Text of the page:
Two weeks after stepping down as Speaker of the House of Commons, John Bercow has announced that he will publish his memoirs in February next year.
Titled Unspeakable, the book was acquired by Weidenfeld & Nicolson after significant interest from publishers. The Guardian understands that the deal was “comfortably” into six figures.
The divisive former MP said the book would “describe as clearly as I can what motivated me”, while his publisher promised it would also include Bercow’s verdicts on figures including Tony Blair, David Cameron, Theresa May, and Boris Johnson. If his comments since stepping down are anything to go by, readers are in for an eye-opener: last week Bercow said in an interview with the Observer that Cameron feels he is “born to rule” and that Brexit is “the biggest mistake of this country after the war”.
Unspeakable will also explain the ways in which Bercow, the son of a cab driver in north London, “has sought to democratise the business of Parliament, using the Speakership to champion the rights of backbench MPs and hold the government to account”. It will also see Bercow tackle “head-on his regretted fascination with definably right-wing attitudes”, and describe “his inexorable march to more progressive thinking” since his election as the MP for Buckingham in 1997.
Bercow was elected Speaker of the House of Commons in June 2009. After presiding over one of the most febrile British parliaments in years, he announced this summer that he would be standing down as Speaker and MP. His prominence during the Brexit debate split European media. The Daily Mail once called him an “egotistical preening popinjay [who] has shamelessly put his anti-Brexit bias before the national interest – and is a disgrace to his office”, but the press in Europe reveled in his behaviour. The Dutch newspaper De Volkskrant once wrote that “no one on the British island can call ‘order, order’ more beautifully than John Bercow”, while Radio France Internationale named him its “European of the week”.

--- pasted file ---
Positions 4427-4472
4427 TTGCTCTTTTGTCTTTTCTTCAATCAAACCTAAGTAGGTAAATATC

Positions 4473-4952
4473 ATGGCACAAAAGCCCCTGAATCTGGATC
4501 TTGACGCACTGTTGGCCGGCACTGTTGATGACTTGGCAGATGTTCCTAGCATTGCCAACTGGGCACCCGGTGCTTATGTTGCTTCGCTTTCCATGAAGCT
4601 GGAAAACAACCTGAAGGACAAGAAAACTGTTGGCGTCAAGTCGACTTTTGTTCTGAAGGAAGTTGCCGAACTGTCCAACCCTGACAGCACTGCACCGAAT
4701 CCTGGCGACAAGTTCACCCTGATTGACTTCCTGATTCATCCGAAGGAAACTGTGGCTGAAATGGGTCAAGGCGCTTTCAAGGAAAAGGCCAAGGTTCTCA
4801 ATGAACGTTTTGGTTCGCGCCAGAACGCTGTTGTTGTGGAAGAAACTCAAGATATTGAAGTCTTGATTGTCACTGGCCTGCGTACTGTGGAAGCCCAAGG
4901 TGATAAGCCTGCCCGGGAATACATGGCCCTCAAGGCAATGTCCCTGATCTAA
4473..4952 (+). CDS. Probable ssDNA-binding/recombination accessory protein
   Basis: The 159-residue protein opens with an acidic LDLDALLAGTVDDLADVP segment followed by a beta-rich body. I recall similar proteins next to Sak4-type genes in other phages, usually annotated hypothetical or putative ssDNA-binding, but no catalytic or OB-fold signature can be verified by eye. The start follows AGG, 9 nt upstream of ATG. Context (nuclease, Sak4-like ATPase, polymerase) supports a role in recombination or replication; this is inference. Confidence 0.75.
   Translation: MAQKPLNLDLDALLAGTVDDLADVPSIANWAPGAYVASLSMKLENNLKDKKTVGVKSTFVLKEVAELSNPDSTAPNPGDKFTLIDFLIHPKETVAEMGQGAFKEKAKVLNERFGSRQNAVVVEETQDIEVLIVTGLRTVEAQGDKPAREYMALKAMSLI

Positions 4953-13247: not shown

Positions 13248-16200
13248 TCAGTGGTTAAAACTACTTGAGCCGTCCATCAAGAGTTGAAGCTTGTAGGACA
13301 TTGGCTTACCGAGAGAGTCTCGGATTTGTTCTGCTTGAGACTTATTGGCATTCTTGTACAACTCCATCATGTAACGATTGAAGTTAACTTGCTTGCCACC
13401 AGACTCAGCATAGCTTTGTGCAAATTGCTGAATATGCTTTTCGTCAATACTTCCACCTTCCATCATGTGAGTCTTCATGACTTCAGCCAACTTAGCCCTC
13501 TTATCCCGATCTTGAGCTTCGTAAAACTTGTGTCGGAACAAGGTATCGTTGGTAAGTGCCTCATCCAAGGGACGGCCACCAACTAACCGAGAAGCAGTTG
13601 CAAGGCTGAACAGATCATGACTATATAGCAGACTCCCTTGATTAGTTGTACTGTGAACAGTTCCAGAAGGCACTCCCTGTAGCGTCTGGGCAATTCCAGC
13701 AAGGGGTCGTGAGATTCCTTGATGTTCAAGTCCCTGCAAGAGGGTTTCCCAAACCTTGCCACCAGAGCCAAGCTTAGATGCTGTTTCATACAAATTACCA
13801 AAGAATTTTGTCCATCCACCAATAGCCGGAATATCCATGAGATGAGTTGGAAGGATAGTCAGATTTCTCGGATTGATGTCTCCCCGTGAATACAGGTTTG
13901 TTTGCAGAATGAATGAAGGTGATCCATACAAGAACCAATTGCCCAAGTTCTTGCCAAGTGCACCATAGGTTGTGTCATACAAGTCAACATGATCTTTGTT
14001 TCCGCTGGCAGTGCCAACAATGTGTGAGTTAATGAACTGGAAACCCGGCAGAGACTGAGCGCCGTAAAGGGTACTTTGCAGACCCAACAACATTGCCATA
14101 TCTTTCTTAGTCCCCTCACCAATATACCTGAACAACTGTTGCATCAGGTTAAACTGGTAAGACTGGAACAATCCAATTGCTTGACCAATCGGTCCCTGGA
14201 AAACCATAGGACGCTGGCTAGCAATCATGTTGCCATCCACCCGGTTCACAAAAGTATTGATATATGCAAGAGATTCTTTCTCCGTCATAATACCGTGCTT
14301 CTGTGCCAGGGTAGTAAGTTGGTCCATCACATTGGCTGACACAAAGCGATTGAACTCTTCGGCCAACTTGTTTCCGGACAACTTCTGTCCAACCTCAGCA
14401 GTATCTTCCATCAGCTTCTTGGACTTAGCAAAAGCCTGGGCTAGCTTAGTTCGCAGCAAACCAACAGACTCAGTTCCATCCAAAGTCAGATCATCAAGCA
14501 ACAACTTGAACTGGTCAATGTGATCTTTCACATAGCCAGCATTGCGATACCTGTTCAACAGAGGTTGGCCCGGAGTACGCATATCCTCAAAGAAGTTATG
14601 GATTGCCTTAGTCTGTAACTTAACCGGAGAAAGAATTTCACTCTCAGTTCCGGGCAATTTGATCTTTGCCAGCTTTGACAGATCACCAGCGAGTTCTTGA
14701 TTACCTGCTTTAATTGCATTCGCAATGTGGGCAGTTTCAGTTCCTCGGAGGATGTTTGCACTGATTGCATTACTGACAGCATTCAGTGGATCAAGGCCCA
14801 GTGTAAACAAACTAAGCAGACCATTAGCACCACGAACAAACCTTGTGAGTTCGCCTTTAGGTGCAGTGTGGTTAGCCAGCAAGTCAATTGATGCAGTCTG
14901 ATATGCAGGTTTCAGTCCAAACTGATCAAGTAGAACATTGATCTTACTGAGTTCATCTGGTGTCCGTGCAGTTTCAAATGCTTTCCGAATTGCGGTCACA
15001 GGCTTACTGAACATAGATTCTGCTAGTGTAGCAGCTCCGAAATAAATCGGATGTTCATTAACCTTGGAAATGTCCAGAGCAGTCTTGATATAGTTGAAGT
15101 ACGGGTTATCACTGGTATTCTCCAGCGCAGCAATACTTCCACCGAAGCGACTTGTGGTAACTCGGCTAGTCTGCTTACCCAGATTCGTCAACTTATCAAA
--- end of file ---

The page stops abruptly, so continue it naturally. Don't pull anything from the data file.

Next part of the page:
“I am delighted that Weidenfeld & Nicolson has agreed to publish my account of a life in politics,” said Bercow. “I made friends and enemies alike, but from start to finish I sought to do the right, rather than the convenient, thing and to be a decent public servant. The story of a rewarding and fortunate career is told in my own words, and readers can make their own assessment of a journey that I enjoyed and they will judge.”
Weidenfeld chairman Alan Samson, who acquired the memoir from Andrew Gordon of David Higham Associates, said the memoirs were “both a grippingly candid narrative of a truly eventful political life, and also a wonderfully vivid tale of how the nation has reached this point in its history”.
“In the last decade John has made sure that Parliament has been able to stand up to the executive by putting MPs before ministers. Whether it is by accepting urgent questions or working hard to determine that the role of parliament is more widely understood by the public, he has played a vital activist role in the government being held to account,” said Samson. “His book will be a hugely entertaining primer for anyone trying to understand the nature of our democracy and the processes of modern politics in this country.”
The announcement of Bercow’s book deal comes a week after he furiously denied claims that he had demanded £1m to appear on reality TV show I’m a Celebrity, which he described as “utterly trashy”. Bercow has previously written books including Incoming Assets: Why Tories Should Change Policy on Immigration and Asylum, which was published in 2005, and Tennis Maestros: the 20 Greatest Male Tennis Players of All Time, which was published five years ago.